# Simplifying a Hyperbolic function

• Jan 20th 2010, 07:46 AM
Beard
Simplifying a Hyperbolic function
I'm meant to put coth(x) in terms of e^x and e^-x. I keep end up getting the wrong answer and I have no idea how to do it.

My final answer is $\displaystyle \frac{e^{2x} + 2 + e^{-2x}}{e^{2x} - e^{-2x}}$

Those of you that can actually do this probably thinking 'How on earth did he come to that?'
• Jan 20th 2010, 08:55 AM
Drexel28
Quote:

Originally Posted by Beard
I'm meant to put coth(x) in terms of e^x and e^-x. I keep end up getting the wrong answer and I have no idea how to do it.

My final answer is $\displaystyle \frac{e^{2x} + 2 + e^{-2x}}{e^{2x} - e^{-2x}}$

Those of you that can actually do this probably thinking 'How on earth did he come to that?'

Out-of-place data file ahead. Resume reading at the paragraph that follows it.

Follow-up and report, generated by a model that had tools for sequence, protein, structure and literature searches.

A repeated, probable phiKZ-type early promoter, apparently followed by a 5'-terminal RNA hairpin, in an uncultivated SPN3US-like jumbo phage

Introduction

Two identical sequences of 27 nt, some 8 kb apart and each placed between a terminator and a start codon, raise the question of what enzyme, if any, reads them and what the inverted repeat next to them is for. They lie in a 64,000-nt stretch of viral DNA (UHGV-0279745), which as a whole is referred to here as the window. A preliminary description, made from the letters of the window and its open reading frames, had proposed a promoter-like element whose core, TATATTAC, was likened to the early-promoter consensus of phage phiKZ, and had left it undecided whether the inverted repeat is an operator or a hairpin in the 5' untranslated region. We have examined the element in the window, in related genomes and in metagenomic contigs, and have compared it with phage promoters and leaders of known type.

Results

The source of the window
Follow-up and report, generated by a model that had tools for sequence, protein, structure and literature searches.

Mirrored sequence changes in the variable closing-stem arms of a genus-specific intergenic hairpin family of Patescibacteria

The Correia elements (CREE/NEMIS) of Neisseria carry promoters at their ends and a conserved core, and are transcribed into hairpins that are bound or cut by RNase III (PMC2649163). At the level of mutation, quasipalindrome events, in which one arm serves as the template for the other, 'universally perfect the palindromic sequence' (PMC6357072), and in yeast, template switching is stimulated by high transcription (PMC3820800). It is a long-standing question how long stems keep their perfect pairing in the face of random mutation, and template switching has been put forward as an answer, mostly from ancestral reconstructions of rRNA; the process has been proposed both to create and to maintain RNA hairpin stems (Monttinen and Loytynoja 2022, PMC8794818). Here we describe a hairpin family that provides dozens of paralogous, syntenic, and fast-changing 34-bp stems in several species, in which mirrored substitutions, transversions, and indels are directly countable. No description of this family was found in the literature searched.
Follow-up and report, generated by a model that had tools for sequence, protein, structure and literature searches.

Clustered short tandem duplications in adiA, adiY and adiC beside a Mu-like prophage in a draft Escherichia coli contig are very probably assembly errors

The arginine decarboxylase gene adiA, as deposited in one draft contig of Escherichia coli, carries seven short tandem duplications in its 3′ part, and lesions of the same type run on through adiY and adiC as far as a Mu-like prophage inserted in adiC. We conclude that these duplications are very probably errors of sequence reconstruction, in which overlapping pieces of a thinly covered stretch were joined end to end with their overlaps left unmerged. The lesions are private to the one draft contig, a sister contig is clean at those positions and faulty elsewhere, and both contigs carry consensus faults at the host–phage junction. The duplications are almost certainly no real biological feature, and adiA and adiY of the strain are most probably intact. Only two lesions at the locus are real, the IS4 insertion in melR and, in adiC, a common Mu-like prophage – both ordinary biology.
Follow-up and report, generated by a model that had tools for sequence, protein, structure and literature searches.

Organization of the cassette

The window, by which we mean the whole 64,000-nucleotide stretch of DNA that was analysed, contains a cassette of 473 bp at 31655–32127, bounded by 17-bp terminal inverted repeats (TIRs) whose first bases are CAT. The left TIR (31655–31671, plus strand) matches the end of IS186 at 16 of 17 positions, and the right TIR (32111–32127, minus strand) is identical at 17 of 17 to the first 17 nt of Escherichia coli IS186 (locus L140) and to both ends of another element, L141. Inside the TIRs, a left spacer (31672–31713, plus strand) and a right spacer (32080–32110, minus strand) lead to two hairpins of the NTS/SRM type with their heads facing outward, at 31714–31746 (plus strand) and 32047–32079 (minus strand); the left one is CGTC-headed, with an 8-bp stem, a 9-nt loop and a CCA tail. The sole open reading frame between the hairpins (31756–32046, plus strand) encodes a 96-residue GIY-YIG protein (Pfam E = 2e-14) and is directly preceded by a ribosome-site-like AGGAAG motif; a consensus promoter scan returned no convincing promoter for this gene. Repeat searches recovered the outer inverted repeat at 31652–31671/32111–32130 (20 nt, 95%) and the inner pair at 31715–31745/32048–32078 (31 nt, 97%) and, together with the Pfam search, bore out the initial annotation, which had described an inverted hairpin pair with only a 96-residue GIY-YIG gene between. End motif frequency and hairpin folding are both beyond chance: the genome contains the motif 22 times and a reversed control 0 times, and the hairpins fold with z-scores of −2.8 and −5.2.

$\displaystyle \text{coth}(x)=\frac{\sinh(x)}{\cosh(x)}=\frac{\fr ac{e^{x}-e^{-x}}{2}}{\frac{e^{x}+e^{-x}}{2}}=\frac{e^x -e^{-x}}{e^{x}+e^{-x}}=\frac{e^{2x}-1}{e^{2x}+1}$
• Jan 20th 2010, 08:57 AM
Manx
Can you show what you did?
The answer looks close to me, but the form you used puzzles me.
• Jan 20th 2010, 08:58 AM
Drexel28
Quote:

Originally Posted by Manx
Can you show what you did?
The answer looks close to me, but the form you used puzzles me.

The only part that may be unclear is that I arrived at the last form by multiplying by $\displaystyle \frac{e^x}{e^x}$
• Jan 20th 2010, 12:28 PM
Beard
Quote:

Originally Posted by Drexel28
The only part that may be unclear is that I arrived at the last form by multiplying by $\displaystyle \frac{e^x}{e^x}$

That was where i was going wrong because I knew i had to multiply by 1 (effectively 1 anyway) but I was doing

$\displaystyle \frac{e^x + e^{-x}}{e^x + e^{-x}}$

Which you may think is ridiculous but the only other time i had used that method was in removing surds from the denominator and you changed the sign of what you were multiplying it by to remove the sqrt.

Anyway, thankyou for that and thanks to Manx for asking the exact same thing as I would have done lol.

(Clapping)